FOCUS ON WELLNESS

What every man should know about his health

Plus resources you can use at home to improve your mind-body connection

Man sitting with his doctor

Credit: GETTY IMAGES

This content is provided to Johns Hopkins employees through a partnership with BlueCross BlueShield.

Despite the importance of annual checkups, screenings, and preventive health care, most men seek medical attention only when they are very sick or if their partner expresses concern. June is Men's Health Month, and if you're one of those men avoiding the doctor, now is a good time to start taking an active role in your health by being aware of preventable conditions and early detection screenings and by learning how to make healthy lifestyle choices.

Let your primary care provider set the game plan

Men tend not to be talkers at doctor visits. The reasons differ, from thinking that they should tolerate pain or not express worries to simply being uncomfortable with the discussion. Speak openly with your primary care provider, who is there not only to treat you when you are sick but to partner with you to help prevent health issues. Seeing your PCP annually will allow you to discuss any new symptoms or concerns. Have your cholesterol and testosterone levels, prostate health, and blood pressure checked. High blood pressure has no symptoms, but its effects are serious because added stress and force is put on the artery walls.

Speaking of prevention

Aside from general health metrics that will be tracked and updated with annual visits to your primary care provider, it's important to be aware of certain conditions specific to men.

  • Get prostate health checked. Prostate cancer is now the most common form of cancer in men. All men are at risk for the disease, and the risk increases with age. Early prostate cancer often has no warning signs. In the advanced stage, prostate cancer symptoms include trouble having or keeping an erection, blood in the urine, slow or weakened urinary stream or the need to urinate more often, or pain in the pelvis, spine, hips, or ribs. Other diseases also can cause these symptoms, so it's important to speak with your doctor to determine the exact cause of yours and to learn ways to lower your risks for prostate cancer and other diseases.
  • Get testosterone levels checked. This male hormone peaks during the teenage and young adult years and naturally declines with age, but lower than normal levels can be connected to diabetes, heart disease, and depression.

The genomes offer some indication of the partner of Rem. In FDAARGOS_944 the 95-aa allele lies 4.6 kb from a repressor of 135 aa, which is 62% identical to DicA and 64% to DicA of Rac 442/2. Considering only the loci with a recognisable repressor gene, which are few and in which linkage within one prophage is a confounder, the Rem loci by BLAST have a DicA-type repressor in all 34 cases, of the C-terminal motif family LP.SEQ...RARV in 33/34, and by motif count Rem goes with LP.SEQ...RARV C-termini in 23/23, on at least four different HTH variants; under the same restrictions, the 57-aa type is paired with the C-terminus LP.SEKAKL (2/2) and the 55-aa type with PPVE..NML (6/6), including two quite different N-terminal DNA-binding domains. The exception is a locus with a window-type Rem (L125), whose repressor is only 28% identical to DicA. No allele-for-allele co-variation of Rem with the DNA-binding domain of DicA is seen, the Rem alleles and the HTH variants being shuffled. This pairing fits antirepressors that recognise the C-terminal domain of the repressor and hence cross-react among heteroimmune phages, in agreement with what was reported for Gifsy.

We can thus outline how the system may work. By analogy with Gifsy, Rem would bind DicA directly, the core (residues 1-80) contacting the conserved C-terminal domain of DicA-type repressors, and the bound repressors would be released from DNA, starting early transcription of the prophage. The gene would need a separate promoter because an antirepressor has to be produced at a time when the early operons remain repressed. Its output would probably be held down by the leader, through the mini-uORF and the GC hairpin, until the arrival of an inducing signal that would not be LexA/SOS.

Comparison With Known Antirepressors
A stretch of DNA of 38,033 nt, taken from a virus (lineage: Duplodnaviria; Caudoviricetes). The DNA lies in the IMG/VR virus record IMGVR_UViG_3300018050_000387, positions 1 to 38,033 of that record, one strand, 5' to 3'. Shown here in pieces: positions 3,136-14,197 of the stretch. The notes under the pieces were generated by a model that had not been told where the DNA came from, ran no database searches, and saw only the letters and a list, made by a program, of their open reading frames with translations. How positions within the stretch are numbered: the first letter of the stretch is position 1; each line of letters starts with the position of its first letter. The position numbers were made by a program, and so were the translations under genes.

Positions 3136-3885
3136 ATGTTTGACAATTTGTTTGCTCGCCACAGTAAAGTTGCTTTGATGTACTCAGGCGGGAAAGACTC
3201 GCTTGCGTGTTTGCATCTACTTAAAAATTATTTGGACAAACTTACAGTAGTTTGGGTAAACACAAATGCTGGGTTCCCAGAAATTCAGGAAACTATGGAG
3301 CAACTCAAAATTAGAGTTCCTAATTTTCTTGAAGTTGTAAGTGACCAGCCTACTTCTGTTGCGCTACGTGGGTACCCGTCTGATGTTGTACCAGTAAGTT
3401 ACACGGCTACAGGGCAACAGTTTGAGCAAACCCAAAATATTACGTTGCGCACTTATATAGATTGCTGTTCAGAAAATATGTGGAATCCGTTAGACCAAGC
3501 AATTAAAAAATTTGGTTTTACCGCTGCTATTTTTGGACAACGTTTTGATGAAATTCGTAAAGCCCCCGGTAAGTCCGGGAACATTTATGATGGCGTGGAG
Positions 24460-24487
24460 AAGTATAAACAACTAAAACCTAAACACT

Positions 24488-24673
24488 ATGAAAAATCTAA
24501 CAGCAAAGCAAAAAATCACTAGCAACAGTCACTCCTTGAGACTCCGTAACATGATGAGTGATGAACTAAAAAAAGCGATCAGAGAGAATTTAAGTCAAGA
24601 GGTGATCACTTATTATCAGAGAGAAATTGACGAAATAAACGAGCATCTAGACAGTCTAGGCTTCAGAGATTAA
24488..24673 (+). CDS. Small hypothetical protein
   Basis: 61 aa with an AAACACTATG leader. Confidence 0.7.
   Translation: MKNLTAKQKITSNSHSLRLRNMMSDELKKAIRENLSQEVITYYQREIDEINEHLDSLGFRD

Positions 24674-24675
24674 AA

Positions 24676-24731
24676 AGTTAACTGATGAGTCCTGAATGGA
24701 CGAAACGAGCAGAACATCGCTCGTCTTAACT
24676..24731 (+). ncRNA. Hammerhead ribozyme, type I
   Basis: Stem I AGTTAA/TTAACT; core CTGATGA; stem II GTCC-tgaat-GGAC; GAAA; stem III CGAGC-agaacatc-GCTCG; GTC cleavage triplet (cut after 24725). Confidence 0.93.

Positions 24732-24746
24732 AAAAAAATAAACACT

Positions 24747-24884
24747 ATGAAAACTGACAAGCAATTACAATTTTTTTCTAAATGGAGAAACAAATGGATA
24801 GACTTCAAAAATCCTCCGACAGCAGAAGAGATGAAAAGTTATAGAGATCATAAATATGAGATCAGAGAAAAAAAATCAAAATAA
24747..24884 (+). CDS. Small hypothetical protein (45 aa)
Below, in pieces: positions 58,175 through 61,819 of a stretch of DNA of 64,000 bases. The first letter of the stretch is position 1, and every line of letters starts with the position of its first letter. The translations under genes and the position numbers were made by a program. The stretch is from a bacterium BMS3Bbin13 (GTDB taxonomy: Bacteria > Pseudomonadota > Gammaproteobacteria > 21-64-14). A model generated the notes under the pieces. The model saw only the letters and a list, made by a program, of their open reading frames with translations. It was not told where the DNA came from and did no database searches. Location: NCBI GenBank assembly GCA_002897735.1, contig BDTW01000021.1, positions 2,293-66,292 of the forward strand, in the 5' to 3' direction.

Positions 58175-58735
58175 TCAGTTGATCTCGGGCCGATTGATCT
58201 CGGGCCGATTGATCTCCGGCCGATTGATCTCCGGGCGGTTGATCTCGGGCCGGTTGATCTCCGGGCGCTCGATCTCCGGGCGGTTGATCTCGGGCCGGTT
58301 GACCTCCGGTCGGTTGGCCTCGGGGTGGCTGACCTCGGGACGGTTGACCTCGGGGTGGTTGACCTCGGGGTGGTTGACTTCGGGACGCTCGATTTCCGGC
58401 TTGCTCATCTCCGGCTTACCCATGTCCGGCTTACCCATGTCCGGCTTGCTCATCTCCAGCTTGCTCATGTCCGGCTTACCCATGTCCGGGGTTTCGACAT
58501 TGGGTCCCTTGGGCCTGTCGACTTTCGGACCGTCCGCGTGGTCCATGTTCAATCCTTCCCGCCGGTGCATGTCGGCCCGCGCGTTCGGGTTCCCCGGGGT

Gender myths debunked

Cultural and social differences may explain why men and women interact with their health differently. In addition, studies show men to be at higher risk than women for depression and a weakened immune system.

  • Depression: Although many people believe that women are more prone to depression and suicide, in fact, the opposite is true. It's important for men to know the symptoms of depression, which include persistent feelings of sadness, difficulty sleeping, and loss of interest in activities that once made them happy. Depression negatively affects physical health. Talk to your primary care provider if you think you might have depression.
  • Immune system: Think the male immune system is stronger than the female one? It's not, which is why it is important for men to follow the basics: Don't smoke, limit alcohol, eat a healthy diet, maintain a healthy weight, get physically active, and manage stress.

Strengthening the mind-body connection

Preventive health visits with your primary care provider are clearly important, but what can be done in the time between those visits to ensure you are at your healthiest? Most people equate physical health with overall health, but the reality is that a strong mind is just as important as a healthy body.

So, what exactly is mind-body connection? Basically, it's the science of how our thoughts, feelings, beliefs, and attitudes can positively or negatively affect our biological functioning. Think of how your body responds to stress: elevated heart rate, shortened breath, headache, perspiration, etc. If you trained your mind to cope with stressors in a more productive way, your body wouldn't experience such a negative physiological reaction.

Improving the mind-body connection needn't be complicated. Here are some simple ways you can reap both mental and physical benefits:

  • Read and learn new things often.
  • Avoid sitting for long periods of time.
  • Spend time outside.
  • Listen to music.
  • Incorporate healthy sleep habits.
  • Follow guided meditations and/or breathing exercises.
  • Practice gratitude.

At-home resources

Use the following strategies and resources to take your mind-body connection—and overall health— to the next level:

  • Free JHU Calm app subscription. Guided sleep, meditation, and relaxation content are accessible in the palm of your hand. Sign up for your free account now.
  • 4-7-8 breathing. Try this simple breathing exercise to declutter your mind: Inhale for four, hold for seven, exhale for eight. Start with a small goal (one minute) and chart how long you can stay focused. Make it a personal challenge to see if each day you can practice for longer than the preceding one.
  • Gratitude log. Use this template to keep a daily log to show what you are most grateful for. Refresh it by logging at the same time each day (morning or evening recommended).
  • Resources for Living. Access additional resources on men's health and mind-body tools through Resources for Living. Use JHU for both the username and password.

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